By Ryan Northcutt
Do pastors care about ex-offenders and their families? It’s a legitimate question to ask given that only about 14% of churches have any formal ministry to this often-neglected people group.
This is true despite the fact that Jesus talked about ministering to this people group as being a vital part of kingdom ministry (Matt. 25:31-46).
The writer of Hebrews even goes so far as to say that we should remember those in prison as if we were one of them (Heb. 13:3).
So why don’t more churches have a formal ministry to ex-offenders and their families?
Is it simply because pastors don’t care?
The answer is: NO.
Pastors care greatly!
In fact, a recent survey conducted by LifeWay Research found that 95% of senior pastors believe that churches should minister to ex-offenders and their families.
But if this is true then why do only about 14% of churches have a formal ministry to meet this need?
As someone who has spent the last 17 years in pastoral ministry I believe I've come across 3 main reasons why ministry to ex-offenders and their families is missing from most of today’s churches.
Most pastors never receive training for this specific kind of ministry. In seminary they learn how to preach, teach, and counsel from God’s Word. Hours are spent learning how to read the original Hebrew/Greek texts and develop those findings into culturally relevant sermons. And we’re all thankful for this because it helps us grow in Christ.
But seminary students DO NOT take a class called “How to Run A Ministry to Ex-Offenders & Their Families.” So most pastors feel ill equipped to do this kind of ministry because they’ve never received any formal training for it.
This reason goes hand-in-hand with the first. If pastors have never received training for this kind of ministry then it goes without saying that they don’t know how to equip or train volunteers for it either.
Although pastors might have some willing volunteers in their congregation desiring to do this kind of ministry, it’s hard to manage something you know very little about. One of the biggest jobs of the pastor is to cast vision. But how do you cast vision for something you don’t understand?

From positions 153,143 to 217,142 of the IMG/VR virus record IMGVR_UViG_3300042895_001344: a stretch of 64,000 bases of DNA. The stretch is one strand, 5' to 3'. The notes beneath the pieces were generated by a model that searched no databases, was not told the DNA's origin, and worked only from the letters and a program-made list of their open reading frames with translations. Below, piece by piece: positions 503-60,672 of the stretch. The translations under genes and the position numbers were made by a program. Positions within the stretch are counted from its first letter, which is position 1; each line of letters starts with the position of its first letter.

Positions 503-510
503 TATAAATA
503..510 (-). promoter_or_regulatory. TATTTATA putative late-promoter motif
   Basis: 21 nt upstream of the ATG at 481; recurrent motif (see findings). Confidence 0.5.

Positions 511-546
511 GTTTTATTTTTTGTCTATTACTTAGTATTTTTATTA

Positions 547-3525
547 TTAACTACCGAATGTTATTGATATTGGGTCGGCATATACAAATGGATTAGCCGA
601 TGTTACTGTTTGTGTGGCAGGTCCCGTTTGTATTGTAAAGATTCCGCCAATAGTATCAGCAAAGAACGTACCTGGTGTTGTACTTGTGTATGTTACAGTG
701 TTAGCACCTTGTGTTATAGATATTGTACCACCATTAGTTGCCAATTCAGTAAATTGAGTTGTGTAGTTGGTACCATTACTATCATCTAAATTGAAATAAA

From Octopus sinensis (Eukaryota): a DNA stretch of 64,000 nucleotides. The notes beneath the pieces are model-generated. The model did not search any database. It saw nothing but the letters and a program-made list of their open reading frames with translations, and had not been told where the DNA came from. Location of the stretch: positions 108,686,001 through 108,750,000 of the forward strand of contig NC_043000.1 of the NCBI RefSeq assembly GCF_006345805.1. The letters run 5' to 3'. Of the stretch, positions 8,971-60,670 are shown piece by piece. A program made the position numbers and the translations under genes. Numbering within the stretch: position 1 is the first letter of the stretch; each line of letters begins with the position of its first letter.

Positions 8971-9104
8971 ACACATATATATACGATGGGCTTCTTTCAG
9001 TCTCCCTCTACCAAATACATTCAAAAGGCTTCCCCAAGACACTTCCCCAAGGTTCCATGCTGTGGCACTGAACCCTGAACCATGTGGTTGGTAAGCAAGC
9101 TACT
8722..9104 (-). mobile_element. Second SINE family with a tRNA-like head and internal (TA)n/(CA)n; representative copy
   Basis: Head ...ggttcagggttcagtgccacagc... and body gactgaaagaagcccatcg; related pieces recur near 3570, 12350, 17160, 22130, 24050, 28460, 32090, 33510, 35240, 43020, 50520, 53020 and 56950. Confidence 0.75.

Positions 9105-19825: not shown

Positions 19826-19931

Pastors can feel embarrassed, ashamed, and awkward admitting they know nothing about this kind of ministry. So when willing volunteers come to a pastor saying they want to minister to ex-offenders and their families it becomes easier to say, “No,” than to say, “I know nothing about this.”
It’s an understatement to say that most church budgets are stretched. With a desire to steward God’s resources well, most pastors keep a careful eye on the finances of the church. Adding new ministries to a church always comes with a cost.
When we talk about adding a ministry for ex-offenders and their families it’s natural for a pastor to automatically wonder about the cost. This concern over finances can keep a church sidelined from starting this kind of ministry because they’re not sure how they’ll fit it into an already tight budget.
If you are a pastor and these reasons perhaps describe why you haven’t started a ministry for ex-offenders and their families then let Mercy Heart help.
Let us provide all of the training for your church’s pastors and staff.
Let us provide all of the training for volunteers.
Let us provide all of the curriculum you'll ever need.
And we’ll provide all of this at a cost that fits even the leanest of church budgets.
Are you one of the 28 million family members caught in the crisis of incarceration?
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Do you need some help?
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